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5 Stars - 4 Ships - 3 Rivers - 2 Countries

5 stars - 4 ships - 3 rivers - 2 countries - launched halfway around the world for my first taste of luxury river cruising and a glimpse of British colonial history in old Indochina. Pandaw River Expeditions was the first to run luxury sailing on two of Southeast Asia’s largest rivers, the Irrawaddy in Burma and the mighty Mekong. My job - to convey Pandaw to the UK media -required of me the enviable task of experiencing Pandaw’s pioneering adventures first-hand.

So to Mandalay. No picture had prepared me for the impressive sight of a Pandaw ship on water. These stunning and distinctive replica steamers, resplendent in teak and brass, tell of a bygone age of Scots trade routes and continue to set Pandaw apart from those who followed in their wake. I had a nose around two of the Pandaw fleet, each one different and individually-built yet of the same high standard, before setting sail on ‘The Road to Mandalay’, as the British fondly knew the Irrawaddy.

Now, as then, all life and commerce is on the river. Sunrise and dusk are busy times when fisherfolk come out in the cooler air to cast nets wide. By day the wide open decks of the RV Kalaw Pandaw invite a welcome breeze allowing us to sit back in the sunshine, cocktail in hand, and absorb the ever-changing scenery of the wide, hypnotically-beautiful river, lined with fishing villages and hills crowned with glistening golden pagodas.

Katha Pandaw

Shore excursions allowed us to explore local life. Our excellent and friendly local guide lead us to villages specialising in traditional pottery, silver, gold and silk, a horse-cart ride to the ancient capital of the Burmese kingdom, the ubiquitous and stunning pagodas and monasteries of stone and wood, and a very special rowing boat trip to the world’s longest teak bridge.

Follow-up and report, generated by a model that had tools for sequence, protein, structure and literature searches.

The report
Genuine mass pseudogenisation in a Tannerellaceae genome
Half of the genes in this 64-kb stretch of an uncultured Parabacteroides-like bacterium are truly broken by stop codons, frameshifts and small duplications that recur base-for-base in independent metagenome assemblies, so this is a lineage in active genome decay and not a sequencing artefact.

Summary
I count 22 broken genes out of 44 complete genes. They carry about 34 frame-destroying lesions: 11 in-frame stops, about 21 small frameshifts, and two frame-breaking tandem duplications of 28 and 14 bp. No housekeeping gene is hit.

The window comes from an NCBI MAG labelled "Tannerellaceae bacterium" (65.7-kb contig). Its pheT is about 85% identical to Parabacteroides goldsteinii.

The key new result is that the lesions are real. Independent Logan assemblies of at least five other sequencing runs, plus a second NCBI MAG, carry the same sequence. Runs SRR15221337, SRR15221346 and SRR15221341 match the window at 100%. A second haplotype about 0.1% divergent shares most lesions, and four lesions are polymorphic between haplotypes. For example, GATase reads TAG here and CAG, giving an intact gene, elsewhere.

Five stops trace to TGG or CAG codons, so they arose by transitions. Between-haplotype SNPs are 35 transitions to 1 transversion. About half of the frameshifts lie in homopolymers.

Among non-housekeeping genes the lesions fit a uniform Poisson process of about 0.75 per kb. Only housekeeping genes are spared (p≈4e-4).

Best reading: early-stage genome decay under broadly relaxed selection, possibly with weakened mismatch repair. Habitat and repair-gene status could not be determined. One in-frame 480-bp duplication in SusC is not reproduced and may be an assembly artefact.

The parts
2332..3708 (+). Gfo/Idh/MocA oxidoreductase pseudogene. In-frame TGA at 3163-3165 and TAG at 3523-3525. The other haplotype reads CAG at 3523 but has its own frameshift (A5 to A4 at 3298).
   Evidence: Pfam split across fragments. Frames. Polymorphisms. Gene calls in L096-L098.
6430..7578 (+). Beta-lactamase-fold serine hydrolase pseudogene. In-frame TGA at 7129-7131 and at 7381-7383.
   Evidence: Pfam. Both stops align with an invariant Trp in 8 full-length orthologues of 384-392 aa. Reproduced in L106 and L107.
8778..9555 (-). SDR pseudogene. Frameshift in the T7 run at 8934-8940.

Evenings spent on deck enjoying fabulous service, delicious local and western food, speciality cocktails, wine, local beers, traditional entertainment and the company of fellow guests were a treat before settling down in the air-conditioned comfort of my spacious, teak-panelled, luxury cabin.

And onwards to Cambodia. The river and scenery changed, but the luxurious yet pioneering Pandaw experience remained. The shallow draught of our highly-manoeuvrable ship, the RV Mekong Pandaw, allowed us to get right into the heart of local life. This river cruise first- timer is a convert.

Between Kampong Cham and the capital Phnom Penh, the Mekong bustles with life. Turning onto the smaller and serene Tonlé Sap river - which feeds Southeast Asia’s largest freshwater lake and reverses its direction every half-year because of rising and falling volumes of Himalayan meltwater - the pace slows. Coconut groves overhang the water, whole villages are afloat, and paddy fields stretch away to distant mountains.

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